I read banned books

Artwork courtesy of the American Library Association.

Artwork courtesy of the American Library Association

Each year the American Library Association’s Office for Intellectual Freedom compiles a list of books banned, or challenged for removal, in libraries and classrooms.

The main reasons for these challenges are because of parental concerns over what they consider inappropriate language, sexual content, violence, drug and alcohol use, and racism or religious intolerance.

After perusing the lists from the previous five years, I could very well be labeled subversive. I apparently read banned books… a lot.

Many of the books I have in my own extensive library, have made the challenged lists multiple years. A sin that I am rather proud to confess.

Throughout my life, when everything else went side-wickered and I couldn’t make sense of what was happening, books were my constant stabilizing factor. I could escape to a world of my choosing whenever I needed. I think that is why, when given an option, I would rather buy a book (hardcover, thankyouverymuch) than borrow it from the library. That way I can return to that special place, and favorite characters, whenever I want.

I have a ridiculous number of books in my house, to the point of them being an obsession. I have one bookshelf devoted solely to my ‘to-read’ pile. It’s stuffed to overflowing. I LOVE books and reading, and am sad so many of my favorites were removed from libraries and school curriculum. It pisses me off that a small group of people, or even a single person, can effectively censor my reading choices, anyone’s choices.

If parents are uncomfortable with their child reading a particular book for school, deal with that in your house, don’t try to take away my access to the book too. That’s not your decision to make.

Banned Books Week is Sept. 22-28. Check out the 2012-2013 list of banned and challenged books, then exercise your first amendment rights, and read a banned book.

From my personal stacks:

2012-2013

Ender’s Game – Orson Scott Card
The Kite Runner – Khaled Hosseini
Romeo and Juliet – Wm. Shakespeare

2011-2012

In Cold Blood – Truman Capote
Water for Elephants – Sara Gruen
Beloved – Toni Morrison
Slaughterhouse-Five: – Kurt Vonnegut

2010-2011

Anne Frank: Diary of a Young Girl – Anne Frank
The Hunger Games – Suzanne Collins
Brave New World – Aldous Huxley

2009-2010

I know Why the Caged Bird Sings – Maya Angelou
A Prayer for Owen Meany – John Irving
To Kill a Mockingbird – Harper Lee
Merriam-Webster Collegiate Dictionary

2008-2009

Midnight in the Garden of Good and Evil – John Berendt
The Day After Tomorrow – Robert A. Heinlein
Pillars of the Earth – Ken Follett
Grendel – John Gardner
The Golden Compass – Philip Pullman
Wicked: The LIfe and Times of the Wicked Witch of the West – Gregory Maguire
The Adventures of Huckleberry Finn – Mark Twain
The Color Purple – Alice Walker
The Lovely Bones – Alice Sebold

16 replies »

  1. A lot of these touch on religion, so there’s your answer. No one may challenge the great and powerful OZ!
    I too adore books. I can’t bring myself to download one on my iPad. I still adore the feel and smell of a real “book”.

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  2. Of course you do, you REBEL, (and amazing woman).
    Midnight in the Garden of Good and Evil is one of my favorite books..and even Harry (My HARRY POTTER) was banned in some states.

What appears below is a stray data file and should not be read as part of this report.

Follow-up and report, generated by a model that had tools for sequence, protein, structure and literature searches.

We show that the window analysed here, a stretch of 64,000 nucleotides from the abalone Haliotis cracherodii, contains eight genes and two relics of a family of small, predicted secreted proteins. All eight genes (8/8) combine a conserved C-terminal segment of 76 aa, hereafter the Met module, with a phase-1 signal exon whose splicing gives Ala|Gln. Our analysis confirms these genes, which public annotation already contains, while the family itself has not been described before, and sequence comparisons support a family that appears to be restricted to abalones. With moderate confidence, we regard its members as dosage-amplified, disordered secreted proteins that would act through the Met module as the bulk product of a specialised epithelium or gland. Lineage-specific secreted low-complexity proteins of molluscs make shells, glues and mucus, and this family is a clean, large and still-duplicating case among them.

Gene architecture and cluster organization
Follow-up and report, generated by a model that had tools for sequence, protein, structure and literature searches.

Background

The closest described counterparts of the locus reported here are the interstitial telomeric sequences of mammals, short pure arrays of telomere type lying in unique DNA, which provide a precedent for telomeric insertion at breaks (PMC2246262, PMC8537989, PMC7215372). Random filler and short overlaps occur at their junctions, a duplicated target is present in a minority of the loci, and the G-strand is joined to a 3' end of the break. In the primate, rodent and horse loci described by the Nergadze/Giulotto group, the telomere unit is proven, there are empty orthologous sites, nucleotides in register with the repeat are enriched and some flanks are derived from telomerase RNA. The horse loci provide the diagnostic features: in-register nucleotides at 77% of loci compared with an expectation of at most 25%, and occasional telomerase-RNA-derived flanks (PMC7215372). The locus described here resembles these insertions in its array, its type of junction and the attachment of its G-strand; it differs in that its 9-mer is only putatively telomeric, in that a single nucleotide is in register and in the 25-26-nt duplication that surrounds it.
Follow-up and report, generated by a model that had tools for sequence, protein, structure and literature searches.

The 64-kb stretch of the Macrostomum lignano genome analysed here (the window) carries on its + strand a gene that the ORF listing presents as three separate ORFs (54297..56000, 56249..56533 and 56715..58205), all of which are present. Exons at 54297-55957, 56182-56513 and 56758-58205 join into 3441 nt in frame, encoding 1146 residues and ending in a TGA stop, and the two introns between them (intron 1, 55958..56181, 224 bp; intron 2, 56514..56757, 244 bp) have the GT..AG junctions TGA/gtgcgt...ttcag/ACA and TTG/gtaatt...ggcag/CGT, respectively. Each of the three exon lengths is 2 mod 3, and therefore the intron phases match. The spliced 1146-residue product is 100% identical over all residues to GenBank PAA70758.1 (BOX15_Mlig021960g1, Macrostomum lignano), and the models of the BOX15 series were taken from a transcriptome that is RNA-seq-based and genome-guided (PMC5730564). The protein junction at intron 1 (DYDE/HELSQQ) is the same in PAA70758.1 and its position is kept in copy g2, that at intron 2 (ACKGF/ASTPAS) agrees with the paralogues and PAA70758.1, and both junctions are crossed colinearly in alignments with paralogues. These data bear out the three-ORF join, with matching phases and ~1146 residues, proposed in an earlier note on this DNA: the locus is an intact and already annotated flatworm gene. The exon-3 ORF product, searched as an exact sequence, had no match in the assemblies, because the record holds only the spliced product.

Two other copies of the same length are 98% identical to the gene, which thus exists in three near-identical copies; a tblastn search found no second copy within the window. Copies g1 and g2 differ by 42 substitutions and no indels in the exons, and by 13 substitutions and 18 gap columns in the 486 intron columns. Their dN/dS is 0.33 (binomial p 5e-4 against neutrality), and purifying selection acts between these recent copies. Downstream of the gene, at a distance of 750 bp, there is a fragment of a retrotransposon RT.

Books that stretch our imaginations and test our convictions, faith or opinions are important. They are what show us who we are and what we find important. Someone is always going to find a problem with something, but it doesn’t mean they get to say what I read.

    Go. You.

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    • I feel sorry for these people who can’t see the beauty of these books because of some prejudice they have. They teach us compassion, tolerance, love and empathy. What could be wrong with that? They stretch our imaginations and make us think about life.

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      • I agree with my whole heart. Reading is like faith to me. Its all in the way you interpret things and the way you take things into yourself.

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  3. Apparently, I read banned books too. I didn’t see “Tropic of Cancer” on your list, or anything by Anais Nin or Dorothy Parker, but then, I think my tastes may differ from yours. Just a little. :)

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  4. Some of my all time favorite books are on these lists. What does this say about me? Perhaps that I am a versatile, well read bibliophile with an open mind and overflowing curiosity? Thanks for sharing!

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    • I can understand that a parent may object to certain language or topics, but most schools do have alternate reading lists. Use that, but don’t try to take that choice from me as a parent.

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  5. I’ve read many of those books, and am familiar with the other titles.
    How is it one or a few can make decisions for the rest?

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    • I don’t understand either. But, maybe it’s “the squeaking wheel” sort of thing. The dictionary challenge was a big surprise for me, but I was that kid who looked up “bad words.”

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  6. Invisible Man by Ralph Ellison, one of the most important books of the 20th century, was just banned by a county in North Carolina because one woman complained.

    I’ve read so many banned books. They’re banned for a reason. Because they’re good.

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